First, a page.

Information and advice on 7/1 ARM 30 year loan refinance

I have a 7/1 ARM 30 year loan, my current rate is 5.75% and I have excellent credit. Should I refinance to get a better rate?

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Bill's Answer: Answered by Mark Cappel

In a 7/1 ARM 30 year loan, the rate is fixed for a period of 7 years after which in the 8th year the loan becomes an adjustable rate mortgage (ARM). The adjustable rate is tied to the 1-year treasury index and is added to a pre-determined margin (usually between 2.25-3.0%) to arrive at your new monthly rate. Ask what the margin, life cap and periodic caps of your ARM will be in the 8th year.

Refinancing to fixed-rate mortgages is an especially helpful move for homeowners who intend on staying in their homes for several years or indefinitely. By Refinancing your ARM to a fixed-rate mortgage you will avoid the payment increase when your ARM interest rate begins to adjust. You will also lock into a more stable payment for the term of your mortgage.

When deciding to refinance your adjustable rate mortgage (ARM) into a fixed rate mortgage, you first need to decide how long you think you will be in your home. You state that you are in the second year of a 7 year ARM, if you think that you will be staying in the house for only 2-3 years more, then you may want to wait until it is absolutely necessary to make the change. Your mortgage broker can advise you as to what the market may do, but they will not know what is in store for years to come. Concurrently they will also not know the number of years you will be in the home, along with any changes in your life that may require you to move.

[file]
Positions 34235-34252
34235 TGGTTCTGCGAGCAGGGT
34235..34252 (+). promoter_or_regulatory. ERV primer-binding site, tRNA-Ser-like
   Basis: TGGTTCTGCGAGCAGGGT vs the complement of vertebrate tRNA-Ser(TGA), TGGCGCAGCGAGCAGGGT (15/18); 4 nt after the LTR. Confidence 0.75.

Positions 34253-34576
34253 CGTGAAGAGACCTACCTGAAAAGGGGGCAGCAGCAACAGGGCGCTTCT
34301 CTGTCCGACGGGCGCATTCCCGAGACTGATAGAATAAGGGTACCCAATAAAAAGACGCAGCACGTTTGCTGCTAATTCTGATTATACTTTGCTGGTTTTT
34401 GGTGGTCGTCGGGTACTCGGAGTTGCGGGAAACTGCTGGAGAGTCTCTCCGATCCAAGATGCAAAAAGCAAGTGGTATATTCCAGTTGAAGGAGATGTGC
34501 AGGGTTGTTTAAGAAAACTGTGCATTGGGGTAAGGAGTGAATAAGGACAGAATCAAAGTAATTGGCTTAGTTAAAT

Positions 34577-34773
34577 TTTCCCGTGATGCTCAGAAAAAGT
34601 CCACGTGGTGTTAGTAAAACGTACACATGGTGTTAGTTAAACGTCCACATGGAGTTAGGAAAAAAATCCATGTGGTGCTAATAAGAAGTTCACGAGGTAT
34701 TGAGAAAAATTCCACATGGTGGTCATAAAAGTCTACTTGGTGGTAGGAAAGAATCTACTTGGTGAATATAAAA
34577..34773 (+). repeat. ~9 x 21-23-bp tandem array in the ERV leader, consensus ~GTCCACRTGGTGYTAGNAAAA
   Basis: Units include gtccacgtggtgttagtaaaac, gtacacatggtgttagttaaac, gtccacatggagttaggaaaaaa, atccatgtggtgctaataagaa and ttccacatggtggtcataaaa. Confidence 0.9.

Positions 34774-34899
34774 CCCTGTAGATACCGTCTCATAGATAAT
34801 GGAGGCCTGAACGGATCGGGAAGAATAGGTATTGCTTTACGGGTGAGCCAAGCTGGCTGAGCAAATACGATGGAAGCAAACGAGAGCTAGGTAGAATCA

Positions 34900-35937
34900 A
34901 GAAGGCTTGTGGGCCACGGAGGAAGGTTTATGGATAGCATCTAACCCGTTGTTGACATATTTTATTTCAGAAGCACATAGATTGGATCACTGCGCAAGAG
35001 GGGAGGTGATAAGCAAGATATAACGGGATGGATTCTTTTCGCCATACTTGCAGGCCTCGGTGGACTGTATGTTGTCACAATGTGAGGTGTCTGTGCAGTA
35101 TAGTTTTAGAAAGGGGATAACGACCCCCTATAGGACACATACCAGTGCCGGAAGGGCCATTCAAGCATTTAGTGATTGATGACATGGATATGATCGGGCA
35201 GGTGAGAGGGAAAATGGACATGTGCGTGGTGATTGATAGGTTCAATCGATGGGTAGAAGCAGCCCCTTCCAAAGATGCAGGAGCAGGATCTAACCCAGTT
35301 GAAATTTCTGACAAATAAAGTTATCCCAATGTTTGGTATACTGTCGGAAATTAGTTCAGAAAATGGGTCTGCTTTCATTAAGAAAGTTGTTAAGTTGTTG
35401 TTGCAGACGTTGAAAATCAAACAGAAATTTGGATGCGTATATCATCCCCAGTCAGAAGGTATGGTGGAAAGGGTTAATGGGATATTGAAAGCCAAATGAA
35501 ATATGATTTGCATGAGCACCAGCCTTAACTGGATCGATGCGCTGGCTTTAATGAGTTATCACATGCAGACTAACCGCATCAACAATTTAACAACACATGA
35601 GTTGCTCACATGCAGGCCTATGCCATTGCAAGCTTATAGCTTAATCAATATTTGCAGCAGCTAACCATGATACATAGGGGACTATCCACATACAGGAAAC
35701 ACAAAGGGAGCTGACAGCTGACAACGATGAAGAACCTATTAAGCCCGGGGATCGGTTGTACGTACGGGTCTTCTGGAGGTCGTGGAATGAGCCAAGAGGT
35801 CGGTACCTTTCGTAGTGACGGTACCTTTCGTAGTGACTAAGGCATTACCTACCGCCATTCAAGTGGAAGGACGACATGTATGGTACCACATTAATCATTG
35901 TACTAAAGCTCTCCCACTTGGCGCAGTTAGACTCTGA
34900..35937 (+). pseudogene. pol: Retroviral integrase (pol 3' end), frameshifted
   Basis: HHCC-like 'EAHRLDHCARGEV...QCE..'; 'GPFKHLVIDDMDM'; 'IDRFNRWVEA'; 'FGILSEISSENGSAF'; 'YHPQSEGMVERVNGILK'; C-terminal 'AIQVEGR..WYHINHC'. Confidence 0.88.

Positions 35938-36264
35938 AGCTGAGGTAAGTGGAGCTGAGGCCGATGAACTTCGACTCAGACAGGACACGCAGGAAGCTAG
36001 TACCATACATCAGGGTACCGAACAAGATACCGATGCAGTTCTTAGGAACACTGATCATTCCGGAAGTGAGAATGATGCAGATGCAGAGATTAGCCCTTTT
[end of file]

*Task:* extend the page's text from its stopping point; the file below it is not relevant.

According to Bankrate.com the current national overnight average interest rate for a 30 year fixed mortgage is 5.70% and the interest rate for a 30 year fixed jumbo mortgage is 6.67%. Let's say you qualify for a fixed rate loan at 5.70% you will have to see if this would benefit you in the long run. This is difficult to calculate as we do not know what your interest rate will reset to in the 8th year of your ARM. There is also the issue of prepayment penalty in your existing loan (if any), and the closing costs associated with refinancing. If there is no pre-payment penalty in your existing loan and, if you qualify for a no closing cost 30 year fixed mortgage, then it would make sense financially to refinance.

Since the housing market is down, coupled with the fact that you have a great rate at present, I would suggest that you wait until the market improves. If it does improve, you will be in a much better position to refinance at that time. If you would like to read more about mortgages and mortgage refinance, I encourage you to read through the mortgage refinance section on Bills.com available at http://www.bills.com/home-refinance/.

I hope the information provided helps you Find. Learn. Save.

Best,

Bill

www.bills.com

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